After nearly 5 months and now 426 cases, the Ebola outbreak in North Kivu and Ituri provinces of the Democratic Republic of the Congo (DRC) has become the world’s second largest—and second deadliest—outbreak of the hemorrhagic fever disease ever recorded.
Of the 426 cases, 379 are confirmed and 47 are probable. A total of 245 people have died from the virus, and 87 suspected cases remain under investigation, according to the daily update from try DRC health ministry. Of the four new cases recorded today, three are in Katwa and one is in Vuhovi.
Surpassing an outbreak of 425 cases in Uganda in 2000, the current outbreak is now second only in case counts to West Africa’s massive 2014-2016 outbreak, which involved more than 28,000 cases and 11,000 deaths.
Powder keg situation
The 426 case milestone highlights the powder keg of factors that have made this outbreak persist in spite of the widespread use of an Ebola vaccine that was not available until the tail end of the West Africa outbreak. Difficulties have included violence against health workers and community resistance.
In a situation report published yesterday, the World Health Organization (WHO) said two more health workers have been infected during this outbreak, raising the total number of infected healthcare workers to 41, including 12 deaths.
The virus is still being transmitted in four villages—Butembo, Katwa, Beni and Kalunguta—and 36 new cases were reported in the last week (Nov 21 through 27).
The WHO also noted in an outbreak notice today that 36 cases of Ebola have occurred in children under the age of 2 years, and 17 cases have involved pregnant women. In Katwa, contact follow-up has been challenging, and a high proportion of cases were previously unregistered case contacts.
No cases in Uganda
Yesterday the WHO issued a joint statement with the Ministry of Health in Uganda denying media reports that Uganda had its first Ebola case. The alleged case-patient was monitored in Kabarole District, Uganda, and blood samples have tested negative for Ebola and other hemorrhagic fever viruses.
Efforts to protect Ugandans from the virus are still under way.
“A total of 1,316 front line and healthcare workers in three (3) districts have been vaccinated against EVD [Ebola virus disease] to protect this cadre of people against the deadly disease,” the statement said. “The Ministry of Health together with the WHO country office wish to reiterate that there is no confirmed case of Ebola Virus Disease in Uganda, and are working tirelessly to keep the country safe from the deadly disease.”
Inadequate infection prevention, control
In its situation report, the WHO called the outbreak “unpredictable” and said there have been multiple security incidents at entry points in Beni and Butembo in the last week. Efforts to educate communities about safe and dignified burial (SDB) practices and the screening of education films on Ebola are under way in the region.
“A community burial approach to mitigate the risk of transmission from unsafe burials in areas non-accessible by SDB teams is being piloted in three health areas of the Kalunguta Health Zone with close cooperation with the respective communities,” the WHO said.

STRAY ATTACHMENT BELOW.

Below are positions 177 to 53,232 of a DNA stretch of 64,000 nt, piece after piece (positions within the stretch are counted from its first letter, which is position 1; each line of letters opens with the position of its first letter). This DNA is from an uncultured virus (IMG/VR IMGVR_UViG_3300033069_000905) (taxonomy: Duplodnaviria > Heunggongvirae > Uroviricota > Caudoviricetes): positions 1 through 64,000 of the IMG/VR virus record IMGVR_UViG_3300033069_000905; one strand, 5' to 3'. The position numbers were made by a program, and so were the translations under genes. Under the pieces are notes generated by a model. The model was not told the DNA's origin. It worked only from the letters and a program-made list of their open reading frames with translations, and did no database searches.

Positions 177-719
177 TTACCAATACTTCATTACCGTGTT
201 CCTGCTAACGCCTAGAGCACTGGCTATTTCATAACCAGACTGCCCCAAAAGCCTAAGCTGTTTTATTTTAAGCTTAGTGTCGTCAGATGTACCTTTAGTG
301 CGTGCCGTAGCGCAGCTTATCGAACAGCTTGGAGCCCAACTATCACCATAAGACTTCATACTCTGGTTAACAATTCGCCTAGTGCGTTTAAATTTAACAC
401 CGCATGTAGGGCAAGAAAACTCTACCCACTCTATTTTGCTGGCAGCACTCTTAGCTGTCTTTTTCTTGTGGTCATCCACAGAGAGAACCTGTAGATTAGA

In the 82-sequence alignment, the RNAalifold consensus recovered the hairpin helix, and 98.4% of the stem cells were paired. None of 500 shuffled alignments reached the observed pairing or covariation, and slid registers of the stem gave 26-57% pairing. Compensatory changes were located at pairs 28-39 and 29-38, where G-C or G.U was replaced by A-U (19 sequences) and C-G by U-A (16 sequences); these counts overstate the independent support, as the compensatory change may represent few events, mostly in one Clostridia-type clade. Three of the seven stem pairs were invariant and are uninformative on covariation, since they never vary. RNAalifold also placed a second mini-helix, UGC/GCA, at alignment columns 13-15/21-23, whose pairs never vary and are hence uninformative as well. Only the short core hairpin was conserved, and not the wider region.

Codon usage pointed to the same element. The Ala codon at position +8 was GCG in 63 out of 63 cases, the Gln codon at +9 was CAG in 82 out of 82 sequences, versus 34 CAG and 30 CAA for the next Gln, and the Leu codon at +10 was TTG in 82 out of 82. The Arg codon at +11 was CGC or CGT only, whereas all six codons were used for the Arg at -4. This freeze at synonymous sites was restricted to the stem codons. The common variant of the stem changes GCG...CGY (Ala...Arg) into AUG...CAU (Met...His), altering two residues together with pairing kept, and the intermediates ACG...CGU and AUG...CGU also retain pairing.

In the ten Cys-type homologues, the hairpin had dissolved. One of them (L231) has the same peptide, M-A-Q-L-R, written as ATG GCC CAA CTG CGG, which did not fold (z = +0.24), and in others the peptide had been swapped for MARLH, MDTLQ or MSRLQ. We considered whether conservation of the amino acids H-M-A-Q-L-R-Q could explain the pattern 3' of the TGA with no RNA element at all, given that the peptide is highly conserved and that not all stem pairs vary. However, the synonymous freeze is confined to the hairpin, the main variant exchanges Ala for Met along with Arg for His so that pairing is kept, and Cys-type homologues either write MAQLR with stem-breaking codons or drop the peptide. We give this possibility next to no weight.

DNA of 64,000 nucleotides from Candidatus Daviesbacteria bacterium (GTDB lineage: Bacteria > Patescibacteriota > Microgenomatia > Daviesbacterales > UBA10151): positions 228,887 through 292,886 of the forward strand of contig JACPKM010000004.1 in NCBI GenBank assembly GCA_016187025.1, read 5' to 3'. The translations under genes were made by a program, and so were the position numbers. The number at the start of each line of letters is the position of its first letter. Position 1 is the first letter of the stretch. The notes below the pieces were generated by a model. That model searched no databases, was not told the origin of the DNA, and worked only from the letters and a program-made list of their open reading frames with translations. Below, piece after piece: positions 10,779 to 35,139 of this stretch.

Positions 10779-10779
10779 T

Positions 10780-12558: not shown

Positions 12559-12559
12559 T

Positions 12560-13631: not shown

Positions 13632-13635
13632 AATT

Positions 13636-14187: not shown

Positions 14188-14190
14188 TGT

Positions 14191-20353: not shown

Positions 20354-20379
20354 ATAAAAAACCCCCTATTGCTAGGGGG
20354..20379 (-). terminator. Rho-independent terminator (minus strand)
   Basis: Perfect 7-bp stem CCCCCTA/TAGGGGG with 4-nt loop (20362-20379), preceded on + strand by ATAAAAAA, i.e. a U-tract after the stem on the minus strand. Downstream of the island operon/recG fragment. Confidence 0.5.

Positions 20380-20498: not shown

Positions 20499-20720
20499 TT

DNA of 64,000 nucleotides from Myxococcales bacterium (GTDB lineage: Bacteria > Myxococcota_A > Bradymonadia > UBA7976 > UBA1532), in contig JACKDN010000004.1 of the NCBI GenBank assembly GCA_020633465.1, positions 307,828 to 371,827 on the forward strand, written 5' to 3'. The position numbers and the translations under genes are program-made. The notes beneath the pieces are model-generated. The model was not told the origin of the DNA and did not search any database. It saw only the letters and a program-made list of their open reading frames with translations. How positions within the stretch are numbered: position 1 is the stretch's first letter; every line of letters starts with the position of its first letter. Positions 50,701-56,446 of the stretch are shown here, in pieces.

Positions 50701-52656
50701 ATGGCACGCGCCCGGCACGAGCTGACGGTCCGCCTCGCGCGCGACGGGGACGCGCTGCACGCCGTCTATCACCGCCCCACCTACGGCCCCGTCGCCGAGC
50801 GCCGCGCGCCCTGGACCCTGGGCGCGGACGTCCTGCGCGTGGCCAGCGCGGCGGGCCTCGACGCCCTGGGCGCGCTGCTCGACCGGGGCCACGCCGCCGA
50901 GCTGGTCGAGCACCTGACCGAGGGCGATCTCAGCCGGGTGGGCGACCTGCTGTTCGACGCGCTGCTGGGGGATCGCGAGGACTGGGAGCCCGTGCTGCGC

More than 22,000 case contacts have been registered since the onset of the outbreak, and as of earlier this week, 4,767 were still under follow-up. Beni still has the most contacts lost to follow-up. A total of 37,559 contacts have been vaccinated against the virus.
“The security situation in North Kivu and Ituri continues to hinder the implementation of response activities,” the WHO said. The organization has 300 workers in the region.
Experts call for US involvement
In an editorial today in JAMA Network Open, Lawrence O. Gostin, JD, of the O’Neill Institute for National and Global Health Law and Georgetown University Law Center, and colleagues said the United States needs to deepen its engagement in outbreak response.
“The US, along with allies and the UN, should develop a plan to deploy public health personnel to North Kivu. It is in US national interests to control outbreaks before they escalate into a crisis. The cost of addressing this epidemic now is far less than if mass mobilization were required due to international spread of the virus,” Gostin and two other experts said.
Earlier this fall, US personnel were pulled from North Kivu in response to local violence, a move criticized at the time by Robert Redfield, MD, director of the US Centers for Disease Control and Prevention (CDC).
Jennifer Nuzzo, DrPH, and Thomas Inglesby, MD, echoed Gostin’s arguments in an opinion piece published yesterday in the New England Journal of Medicine.
“Though there are risks in sending additional personnel to the DRC, high risks would also be posed by an outbreak spiraling out of control,” the write. “We therefore believe that the U.S. government should allow CDC staff to return to the field for as long as the WHO and others deem necessary.”
Nuzzo and Inglesby are with the Center for Health Security at Johns Hopkins University in Baltimore.
Nov 29 DRC update
Nov 28 WHO situation report
Nov 29 WHO outbreak notice
Nov 28 WHO-Uganda statement
Nov 29 JAMA Open Network commentary
Nov 28 N Engl J of Med perspective